Catalogue entry

Edward Giobbi born 1926

T00673 November 22nd No.3 1964

Inscribed 'GIOBBI-64' b.r. and '"NOV 22 NO.1" | GIOBBI-64 | OIL | CHARCOAL | PENCIL' on back of canvas
Oil, charcoal and pencil on circular canvas, with four square hardboard inserts, diameter 65 3/4 (167)
Purchased from the artist through the New Art Centre (Grant-in-Aid) 1964
Exh: Edward Giobbi, New Art Centre, London, June 1964 (25, repr. in colour)
Repr: Arts Review, XVI, 30 May-13 June 1964, p.20 in colour; Connoisseur, CLVI, 1964, p.202

This painting is the third of a series of four based on the assassination of President Kennedy on 22 November 1963 at Dallas, Texas. The other three all measure 183 x 183cm. Nos.1 and 2 were painted in December 1963, No.3 in 1964 and No.4 after the Warren Report came out in 1965.

The artist states (letter of 27 February 1969): 'Nov. 22 #3 - the painting purchased by the Tate Gallery - was painted in early 1964 and the involvement was primarily one of sadness and resignation.

'Nov. 22 #3 was inspired by a photo of the interior of the automobile after Pres. Kennedy was removed. Somehow it seemed unbelievable to me that the last moments of Pres. Kennedy's life were spent in an automobile - that automobile took on a new significance to me and became a temple.

'The superimposition of the more or less same views of the interior of the automobile, the repeated images, were painted as an echo - to repeat, to keep repeating - this is the auto the president died in, this is the auto the president died in etc.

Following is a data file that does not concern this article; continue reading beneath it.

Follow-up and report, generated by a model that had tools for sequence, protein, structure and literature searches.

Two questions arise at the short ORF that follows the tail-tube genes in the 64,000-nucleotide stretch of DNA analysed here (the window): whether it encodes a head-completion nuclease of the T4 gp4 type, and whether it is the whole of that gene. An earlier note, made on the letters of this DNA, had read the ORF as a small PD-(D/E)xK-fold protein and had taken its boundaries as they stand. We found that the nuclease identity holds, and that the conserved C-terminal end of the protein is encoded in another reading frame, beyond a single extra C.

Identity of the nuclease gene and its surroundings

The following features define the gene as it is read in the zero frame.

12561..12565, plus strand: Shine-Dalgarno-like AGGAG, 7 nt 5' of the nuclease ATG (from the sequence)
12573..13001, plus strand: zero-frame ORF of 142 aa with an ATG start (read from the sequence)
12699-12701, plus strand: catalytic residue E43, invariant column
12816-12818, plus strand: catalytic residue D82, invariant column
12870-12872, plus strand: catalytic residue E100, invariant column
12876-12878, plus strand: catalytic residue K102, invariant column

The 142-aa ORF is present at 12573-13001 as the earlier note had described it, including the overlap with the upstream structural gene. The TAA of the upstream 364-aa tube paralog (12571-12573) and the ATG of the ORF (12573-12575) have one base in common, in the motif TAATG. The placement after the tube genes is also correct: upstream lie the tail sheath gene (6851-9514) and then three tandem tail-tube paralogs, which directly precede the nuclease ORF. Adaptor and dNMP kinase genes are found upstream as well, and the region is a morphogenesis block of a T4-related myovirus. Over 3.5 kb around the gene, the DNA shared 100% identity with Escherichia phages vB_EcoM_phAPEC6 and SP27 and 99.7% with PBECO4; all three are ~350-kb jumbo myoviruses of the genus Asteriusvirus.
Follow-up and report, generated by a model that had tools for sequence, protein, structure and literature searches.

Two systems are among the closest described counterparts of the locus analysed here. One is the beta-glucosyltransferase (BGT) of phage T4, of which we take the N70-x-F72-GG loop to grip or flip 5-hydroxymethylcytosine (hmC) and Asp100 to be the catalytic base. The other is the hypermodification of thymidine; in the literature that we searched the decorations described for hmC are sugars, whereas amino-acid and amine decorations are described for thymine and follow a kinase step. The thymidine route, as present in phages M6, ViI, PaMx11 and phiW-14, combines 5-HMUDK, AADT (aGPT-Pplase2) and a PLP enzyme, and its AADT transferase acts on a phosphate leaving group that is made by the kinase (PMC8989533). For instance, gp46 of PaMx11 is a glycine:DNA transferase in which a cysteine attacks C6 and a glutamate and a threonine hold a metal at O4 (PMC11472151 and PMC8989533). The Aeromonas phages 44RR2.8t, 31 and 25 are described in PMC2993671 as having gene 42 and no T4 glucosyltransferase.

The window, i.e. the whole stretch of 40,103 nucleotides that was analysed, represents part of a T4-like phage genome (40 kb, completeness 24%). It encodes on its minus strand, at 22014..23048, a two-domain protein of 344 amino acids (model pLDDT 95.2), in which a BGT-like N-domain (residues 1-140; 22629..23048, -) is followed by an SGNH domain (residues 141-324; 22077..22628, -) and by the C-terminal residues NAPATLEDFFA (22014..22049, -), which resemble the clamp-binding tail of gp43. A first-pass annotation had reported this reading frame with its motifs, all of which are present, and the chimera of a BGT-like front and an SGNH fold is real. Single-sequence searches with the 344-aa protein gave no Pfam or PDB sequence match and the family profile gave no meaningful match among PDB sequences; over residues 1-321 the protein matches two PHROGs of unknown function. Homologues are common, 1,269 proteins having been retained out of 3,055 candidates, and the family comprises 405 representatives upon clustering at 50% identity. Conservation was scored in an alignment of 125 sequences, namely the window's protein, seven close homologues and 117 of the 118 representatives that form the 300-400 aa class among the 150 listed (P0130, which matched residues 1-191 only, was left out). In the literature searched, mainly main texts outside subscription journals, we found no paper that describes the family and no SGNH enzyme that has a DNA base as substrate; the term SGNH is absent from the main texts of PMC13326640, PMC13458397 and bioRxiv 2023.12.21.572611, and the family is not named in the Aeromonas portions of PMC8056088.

'The problem of the use of a three dimensional separation between one two dimensional image and another is something I have been involved with since 1961.

'The ultimate objective is for the painting to function as a two dimensional painting rather than a painted object.

'The cross created by the four squares is a product of the architecture of the painting and not a deliberate image.

'I have been using the rectangular dots and images in various ways since 1956 although in this painting I used the image to agitate the canvas, to give the quality of a "presence" because I felt even after Pres. Kennedy was removed from the auto his presence remained for some time afterwards.'

Published in:
Ronald Alley, Catalogue of the Tate Gallery's Collection of Modern Art other than Works by British Artists, Tate Gallery and Sotheby Parke-Bernet, London 1981, pp.287-8, reproduced p.287